Americans in the early 1800s traveled more frequently, more widely, and in more different ways than they had only a few decades earlier.
One of the most remarkable things about Americans, according to travelers from Europe in the first part of the 19th century, was how much they moved about. Not only did they routinely travel long distances to attend services in their churches and to shop in their markets, but they also changed residences almost as routinely. And not only did they invent new methods of transportation during the first half of the century, but they also made significant improvements in many of the old methods. Between 1800 and 1850 the physical territory of the United States had quadrupled in size; but measured in terms of travel time, the country had become much smaller.
The Mobility of Americans
A Boston newspaper noted in 1828 that while in America the whole population seemed to be in motion, in Europe millions of people had never been beyond the sound of their own parish bell. Even in rural towns, thirty-five to forty percent of families counted in each regular census had changed their residence by the time of the next census ten years later; in many cities, the rate exceeded fifty percent. Part of this mobility was a result of a revolution in transportation: the first half of the 19th century saw the inventions of the steamboat and the railroad, and the development of canals. But there was also an evolution in traditional methods of travel: roads were widened and extended, and carriages and wagons were designed to carry more people more comfortably over greater distances. In the 1780s a traveler typically took four to six days to go from Boston to New York; in the 1830s a stagecoach could make the trip in a day and a half; and by the 1840s a train cut the travel time to half a day.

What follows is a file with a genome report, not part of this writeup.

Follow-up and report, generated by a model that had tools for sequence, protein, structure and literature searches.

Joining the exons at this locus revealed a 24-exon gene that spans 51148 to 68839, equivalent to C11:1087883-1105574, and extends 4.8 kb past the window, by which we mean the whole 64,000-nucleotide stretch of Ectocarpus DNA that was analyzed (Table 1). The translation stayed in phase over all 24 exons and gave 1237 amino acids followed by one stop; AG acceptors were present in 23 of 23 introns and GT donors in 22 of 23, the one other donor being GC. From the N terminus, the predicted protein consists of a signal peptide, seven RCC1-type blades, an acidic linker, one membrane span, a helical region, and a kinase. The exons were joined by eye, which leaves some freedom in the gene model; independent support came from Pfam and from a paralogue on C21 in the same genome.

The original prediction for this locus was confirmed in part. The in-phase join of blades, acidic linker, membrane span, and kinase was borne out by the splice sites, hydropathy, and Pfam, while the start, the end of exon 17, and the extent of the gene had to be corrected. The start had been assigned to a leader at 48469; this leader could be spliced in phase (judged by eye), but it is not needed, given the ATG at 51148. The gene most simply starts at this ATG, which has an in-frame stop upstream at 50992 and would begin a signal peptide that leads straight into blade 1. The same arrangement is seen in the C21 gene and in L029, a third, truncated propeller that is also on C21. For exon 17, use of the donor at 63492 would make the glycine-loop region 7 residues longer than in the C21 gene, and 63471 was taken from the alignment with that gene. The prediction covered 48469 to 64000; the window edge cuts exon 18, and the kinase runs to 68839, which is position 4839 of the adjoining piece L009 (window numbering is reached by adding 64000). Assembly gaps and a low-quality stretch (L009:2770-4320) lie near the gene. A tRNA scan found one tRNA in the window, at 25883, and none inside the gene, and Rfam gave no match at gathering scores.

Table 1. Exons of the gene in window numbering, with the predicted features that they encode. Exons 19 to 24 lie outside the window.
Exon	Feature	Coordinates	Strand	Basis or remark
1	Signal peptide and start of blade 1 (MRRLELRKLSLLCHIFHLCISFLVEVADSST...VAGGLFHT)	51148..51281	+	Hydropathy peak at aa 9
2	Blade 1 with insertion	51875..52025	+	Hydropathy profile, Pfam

Railroad, Steamboat, River, and Canal
The three decades between 1810 and 1840 saw three dramatic innovations in travel. In the 1810s steam-powered riverboats made it possible to transport goods and people not only down the Ohio and Mississippi rivers to New Orleans and the Gulf of Mexico, but back upstream to Pittsburgh. The 1820s saw the completion of the Erie Canal, linking the Hudson River to Lake Erie, and promoting the growth of both New York City and Chicago. And by the end of the 1830s, thousands of miles of railroad tracks linked the nation’s major cities and many smaller towns in a transportation network that would continue to expand over the next hundred years and more. An American born around 1800 would, by age 40, have lived through a true revolution in transportation.
A Limited Revolution
Momentous and exciting as these changes were, they were not without their dangers and their difficulties, as well as their limitations. Steamboat engines frequently exploded, often because their builders used less expensive, and therefore weaker, materials; nearly a third of all Mississippi steamboats in service before 1850 were lost in accidents. Canal boats passengers were often crammed into filthy berths, like herrings in a barrel, according to one traveler. Trains were subject to derailments and collisions, and were notoriously crowded, noisy, and dirty. Stagecoaches, too, were usually crowded, and exceedingly uncomfortable on roads that were typically not well maintained. The importance of personal mobility to Americans in the early 1800s is perhaps best demonstrated by their determination to travel, despite the fact that travel was usually expensive, often dangerous, and almost never comfortable.
In contrast to the transportation revolution in early America, our own time has seen only two major changes, the automobile and the airplane; and both technologies entered daily life much more gradually than those of two centuries ago. Although both road and air travel are arguably becoming more dangerous and less comfortable (and certainly more expensive) as the 21st century progresses, it seems unlikely that Americans’ devotion to personal mobility will diminish significantly in the foreseeable future.
- Larkin, Jack. The Reshaping of Everyday Life, 1790–1840. New York: Harper & Row, 1988, pp. 204–231.